Jeremy Siegel: Stocks will likely stall without Fed rate cut
Marshall News Messenger (TX)
Many analysts don't think the economy will get weak enough to force the Federal Reserve to cut interest rates this year.
That view was reinforced when the government reported Wednesday that year-over-year consumer prices dipped only to 4.9% in April from 5% in March. That's way above the Fed's target of 2%. And job gains have been solid in recent months.
DON'T MISS: Looks Like The Fed Is on Hold at Least Through June
But market guru Jeremy Siegel anticipates several months of job losses later this year. And he expects the banking crisis to put a crimp on lending. If the Fed doesn't answer with rate reductions, the stock market's rally may be done for the year, the Wharton School finance professor told CNBC.
The progress on inflation -- the year-over-year consumer-price increase was the smallest in two years – is enough to make the Fed pause at its June meeting, many economists say. That would follow 10 straight meetings with rate hikes.
Siegel Worries Fed Will Stay Tight
Siegel is concerned that the Fed will be reluctant to cut rates once it adopts that steady stance after June. "The worry I have is the Fed is going to say … 'we're going to stay tight,'" he said.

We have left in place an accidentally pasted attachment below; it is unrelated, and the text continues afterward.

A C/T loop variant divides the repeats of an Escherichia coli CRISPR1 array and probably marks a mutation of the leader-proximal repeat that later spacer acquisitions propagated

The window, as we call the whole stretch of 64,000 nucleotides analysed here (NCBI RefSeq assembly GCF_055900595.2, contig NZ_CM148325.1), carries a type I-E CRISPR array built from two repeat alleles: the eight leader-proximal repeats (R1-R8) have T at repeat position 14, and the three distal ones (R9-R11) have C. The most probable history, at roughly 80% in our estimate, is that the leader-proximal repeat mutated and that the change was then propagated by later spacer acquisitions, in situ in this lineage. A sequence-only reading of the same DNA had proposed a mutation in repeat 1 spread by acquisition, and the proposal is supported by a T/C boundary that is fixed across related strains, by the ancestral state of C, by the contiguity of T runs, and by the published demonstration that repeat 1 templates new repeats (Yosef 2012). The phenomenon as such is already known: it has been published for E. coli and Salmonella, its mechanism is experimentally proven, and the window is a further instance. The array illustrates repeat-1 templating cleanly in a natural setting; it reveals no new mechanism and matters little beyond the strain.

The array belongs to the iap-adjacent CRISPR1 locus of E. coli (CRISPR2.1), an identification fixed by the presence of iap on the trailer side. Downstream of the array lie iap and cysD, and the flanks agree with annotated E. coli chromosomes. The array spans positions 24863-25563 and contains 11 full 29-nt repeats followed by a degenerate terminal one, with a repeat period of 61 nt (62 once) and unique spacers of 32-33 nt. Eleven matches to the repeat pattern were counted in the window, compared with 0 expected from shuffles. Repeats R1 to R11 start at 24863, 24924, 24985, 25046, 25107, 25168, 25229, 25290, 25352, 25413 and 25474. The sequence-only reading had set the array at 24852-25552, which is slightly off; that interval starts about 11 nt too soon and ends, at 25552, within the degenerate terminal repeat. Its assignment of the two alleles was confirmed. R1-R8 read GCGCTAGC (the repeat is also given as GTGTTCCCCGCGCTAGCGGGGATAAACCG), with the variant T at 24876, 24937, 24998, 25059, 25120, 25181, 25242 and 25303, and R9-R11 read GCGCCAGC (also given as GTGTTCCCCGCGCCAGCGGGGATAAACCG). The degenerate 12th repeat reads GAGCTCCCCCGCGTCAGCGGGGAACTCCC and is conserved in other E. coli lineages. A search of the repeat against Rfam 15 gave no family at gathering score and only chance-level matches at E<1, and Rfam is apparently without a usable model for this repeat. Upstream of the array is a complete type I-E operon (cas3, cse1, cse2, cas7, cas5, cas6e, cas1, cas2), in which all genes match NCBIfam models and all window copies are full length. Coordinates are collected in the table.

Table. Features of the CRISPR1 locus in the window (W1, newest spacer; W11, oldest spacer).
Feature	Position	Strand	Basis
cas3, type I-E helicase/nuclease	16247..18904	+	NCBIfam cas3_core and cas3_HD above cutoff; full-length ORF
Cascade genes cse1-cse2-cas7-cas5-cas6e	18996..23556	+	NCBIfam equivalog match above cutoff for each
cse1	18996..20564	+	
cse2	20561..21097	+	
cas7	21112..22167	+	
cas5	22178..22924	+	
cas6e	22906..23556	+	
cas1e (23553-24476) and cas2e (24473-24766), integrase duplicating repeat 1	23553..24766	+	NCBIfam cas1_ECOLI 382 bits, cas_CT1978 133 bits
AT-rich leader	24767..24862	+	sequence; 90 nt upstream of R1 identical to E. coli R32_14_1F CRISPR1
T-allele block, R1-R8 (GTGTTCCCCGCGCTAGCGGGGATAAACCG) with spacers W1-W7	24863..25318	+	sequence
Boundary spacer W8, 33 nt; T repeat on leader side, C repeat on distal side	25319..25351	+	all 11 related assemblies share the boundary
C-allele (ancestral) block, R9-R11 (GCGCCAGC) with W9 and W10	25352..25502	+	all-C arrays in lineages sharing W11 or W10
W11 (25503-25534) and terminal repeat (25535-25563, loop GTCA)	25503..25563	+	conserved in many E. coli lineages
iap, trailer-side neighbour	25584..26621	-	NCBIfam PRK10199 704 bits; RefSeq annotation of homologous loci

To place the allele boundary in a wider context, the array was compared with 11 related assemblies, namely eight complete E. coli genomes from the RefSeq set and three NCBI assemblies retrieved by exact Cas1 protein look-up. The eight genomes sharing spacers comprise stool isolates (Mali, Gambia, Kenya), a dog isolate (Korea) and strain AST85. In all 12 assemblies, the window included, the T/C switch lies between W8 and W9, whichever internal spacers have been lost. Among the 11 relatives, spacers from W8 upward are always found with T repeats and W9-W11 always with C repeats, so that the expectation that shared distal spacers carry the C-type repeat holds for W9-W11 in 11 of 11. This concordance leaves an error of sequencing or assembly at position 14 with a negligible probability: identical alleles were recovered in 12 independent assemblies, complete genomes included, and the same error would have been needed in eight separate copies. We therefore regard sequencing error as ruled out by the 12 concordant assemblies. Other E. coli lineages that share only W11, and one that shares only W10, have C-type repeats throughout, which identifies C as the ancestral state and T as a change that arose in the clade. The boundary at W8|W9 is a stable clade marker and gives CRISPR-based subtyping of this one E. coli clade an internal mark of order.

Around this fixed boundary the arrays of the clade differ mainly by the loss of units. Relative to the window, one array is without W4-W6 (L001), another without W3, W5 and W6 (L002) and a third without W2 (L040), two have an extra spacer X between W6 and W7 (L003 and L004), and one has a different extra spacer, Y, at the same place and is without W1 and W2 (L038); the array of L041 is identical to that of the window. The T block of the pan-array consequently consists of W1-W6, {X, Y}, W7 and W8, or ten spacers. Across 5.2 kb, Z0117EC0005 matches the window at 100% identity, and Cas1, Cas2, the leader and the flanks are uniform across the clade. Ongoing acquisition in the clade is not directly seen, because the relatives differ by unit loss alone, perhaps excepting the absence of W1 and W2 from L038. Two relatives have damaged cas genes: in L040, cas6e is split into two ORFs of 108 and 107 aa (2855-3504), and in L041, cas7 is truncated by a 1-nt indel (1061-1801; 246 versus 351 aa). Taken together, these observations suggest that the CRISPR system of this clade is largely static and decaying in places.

"If we see payrolls go negative, if we see GDP negative, and the Fed doesn't cut, then it's going to be tougher sledding for the markets." GDP growth slowed to 1.1% annualized in the first quarter.
As for the stock market, if the Fed "responds to the downside [of the economy/inflation] as rigorously as it responded to the upside," the S&P 500 could generate a 15% total return this year, Siegel said. But if Fed officials don't move fast in easing, Siegel anticipates a return of 5% to 10%.
The S&P 500 generated a total return of 7.9% year to date through May 9.